Friday, June 19, 2009

Stomach Punch

As the saying goes, the definition of insanity is doing the same thing over and over and expecting different results. Our friend King Hippo is a good example of this. Perhaps no fighter except for Glass Joe was easier to beat than King Hippo in Mike Tyson's punchout. Even Glass Joe though had unpredictable patterns, he was just incompetent. Once you discovered King Hippo's fatal gastrocentric flaw, anybody with basic rhythm skills was able to score one of the game's easiest KOs.

I made a trip to the workforce center today and as I was locking up the bike, two displaced workers were outside smoking a cigarette, pouring their heart out to each other. One had been out of work since January, and one had been out of work since October. The elder of the two said that during the first month he could handle it, but now he was slipping into a depression.

This conversation reverberated as I received my second rejection e-mail today for a job I had applied for. Interestingly though, at the Workforce Center, all anybody was doing was applying to jobs on-line. Another lady who was near twice my age was arguing with a counselor over why her resume doesn't need to be more than one page.

Two job-searching books that I've read, both of which written and published in 2009, discuss that 90% of time spent searching for jobs is using the Internet to respond to on-line job postings. Yet, the percentage of the unemployed who secured a new position in this way numbers somewhere between 4 and 10% and the actual figure I'd be willing to wager is worse than that.

In fact, looking back on my career, almost every job I've ever held came from me walking in to the establishment and asking to work. My friend got me a job at Best Buy at 18 working in appliances. At some point, I found out Sears was paying four times as much to do the same job. I marched in and asked an employee who I could talk to in order to get a job. I was interviewed, and hired. When I left Sears for my last employer, I did the same thing.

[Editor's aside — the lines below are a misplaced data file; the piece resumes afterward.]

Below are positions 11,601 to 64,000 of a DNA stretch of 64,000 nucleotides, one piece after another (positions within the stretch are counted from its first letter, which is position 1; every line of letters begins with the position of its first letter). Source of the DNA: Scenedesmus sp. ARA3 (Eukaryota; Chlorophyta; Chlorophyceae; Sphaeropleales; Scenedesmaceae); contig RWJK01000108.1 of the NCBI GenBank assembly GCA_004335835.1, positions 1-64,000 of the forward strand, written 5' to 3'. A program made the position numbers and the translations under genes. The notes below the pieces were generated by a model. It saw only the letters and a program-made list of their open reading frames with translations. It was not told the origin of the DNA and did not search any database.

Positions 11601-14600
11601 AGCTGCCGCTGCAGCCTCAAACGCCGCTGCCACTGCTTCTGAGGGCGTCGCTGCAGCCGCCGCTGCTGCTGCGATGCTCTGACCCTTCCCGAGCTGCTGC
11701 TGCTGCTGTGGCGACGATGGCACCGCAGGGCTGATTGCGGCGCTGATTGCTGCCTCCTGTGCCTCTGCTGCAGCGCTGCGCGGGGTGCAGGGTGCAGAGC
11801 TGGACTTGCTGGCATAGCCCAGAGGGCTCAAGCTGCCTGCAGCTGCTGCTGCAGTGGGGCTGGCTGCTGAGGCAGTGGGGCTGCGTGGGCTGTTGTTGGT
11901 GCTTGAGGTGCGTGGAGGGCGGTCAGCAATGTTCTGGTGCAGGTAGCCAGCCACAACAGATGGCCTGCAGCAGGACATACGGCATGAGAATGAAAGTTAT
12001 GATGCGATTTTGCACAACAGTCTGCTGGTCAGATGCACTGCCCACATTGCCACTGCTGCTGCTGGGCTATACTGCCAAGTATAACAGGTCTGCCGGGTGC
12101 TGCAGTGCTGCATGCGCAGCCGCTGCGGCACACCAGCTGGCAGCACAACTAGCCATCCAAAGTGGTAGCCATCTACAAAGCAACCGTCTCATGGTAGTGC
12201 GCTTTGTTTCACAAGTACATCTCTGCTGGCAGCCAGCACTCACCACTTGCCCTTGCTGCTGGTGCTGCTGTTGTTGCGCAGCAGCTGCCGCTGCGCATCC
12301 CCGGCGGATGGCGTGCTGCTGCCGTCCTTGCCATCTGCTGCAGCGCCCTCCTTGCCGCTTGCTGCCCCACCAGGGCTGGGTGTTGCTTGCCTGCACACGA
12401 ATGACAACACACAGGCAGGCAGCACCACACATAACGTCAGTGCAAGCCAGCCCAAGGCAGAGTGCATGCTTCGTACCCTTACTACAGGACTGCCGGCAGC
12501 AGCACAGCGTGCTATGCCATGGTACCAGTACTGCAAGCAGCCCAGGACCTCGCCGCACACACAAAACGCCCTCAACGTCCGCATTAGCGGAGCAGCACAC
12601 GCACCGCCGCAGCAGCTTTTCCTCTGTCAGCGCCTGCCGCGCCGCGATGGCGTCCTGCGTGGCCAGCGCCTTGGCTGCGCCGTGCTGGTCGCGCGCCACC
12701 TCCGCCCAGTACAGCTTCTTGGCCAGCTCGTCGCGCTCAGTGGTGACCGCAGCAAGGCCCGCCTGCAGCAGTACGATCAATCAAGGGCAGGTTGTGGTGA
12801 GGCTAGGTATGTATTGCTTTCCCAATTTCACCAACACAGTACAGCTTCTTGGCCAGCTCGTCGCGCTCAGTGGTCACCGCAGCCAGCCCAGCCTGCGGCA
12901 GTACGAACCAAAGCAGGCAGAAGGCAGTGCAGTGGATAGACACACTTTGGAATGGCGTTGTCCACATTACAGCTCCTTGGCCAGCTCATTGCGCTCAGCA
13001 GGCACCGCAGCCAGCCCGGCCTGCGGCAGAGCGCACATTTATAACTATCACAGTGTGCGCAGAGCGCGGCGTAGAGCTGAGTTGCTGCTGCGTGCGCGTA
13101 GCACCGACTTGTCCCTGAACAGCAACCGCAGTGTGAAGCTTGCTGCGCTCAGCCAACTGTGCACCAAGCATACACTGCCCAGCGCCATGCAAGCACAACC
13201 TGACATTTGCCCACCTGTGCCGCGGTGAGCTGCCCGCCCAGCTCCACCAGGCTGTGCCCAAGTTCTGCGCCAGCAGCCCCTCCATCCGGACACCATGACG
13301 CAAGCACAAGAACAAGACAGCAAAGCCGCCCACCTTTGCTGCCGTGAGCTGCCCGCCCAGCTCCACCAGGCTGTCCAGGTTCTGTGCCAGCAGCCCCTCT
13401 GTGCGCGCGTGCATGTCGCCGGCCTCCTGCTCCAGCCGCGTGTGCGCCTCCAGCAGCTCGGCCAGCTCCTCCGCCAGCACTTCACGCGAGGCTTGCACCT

But what's funny is that at 29, the same courage that led me to walk into these businesses brazen and cavalier isn't there the same way it used to be, probably for the same reasons that I don't have the courage to get on a motorcycle or go offroad biking. You become conscious of your own mortality and other's perceptions. You may not have known much at twenty years old, but you didn't necessarily give a damn, and that works to your advantage.

So I understand those people that sit on job boards and apply and apply, waiting for work to find them. It has less "risk." The rejection stings less. To go into businesses is much much harder. However, in a down economy like this, it is absolutely 100% the right thing to do.

Right now, my research and focus has been more introspection driven. I need to make sure that I decide exactly what it is that I want to do with myself and my life. What will I enjoy? What can I do for forty hours a week that will not only fulfill me but somebody will throw me a check for doing? I made a misstep in judgment with my last opportunity, but the time is now to get it right.

I am confident that if I keep my head up and outwork, outthink, and outhustle my competition, the job of my dreams is there for the taking. As long as continuous effort is made, there can be no chance for anything else but results. Nobody who has found a job in this economy has credited crying and depression for their success. I've got to keep digging and digging. King Hippo has a weakness, I just need to figure it out for myself.

1.5 hour bike ride (holy cow that was exhausting)
.5 hour picking up new color toner and paper

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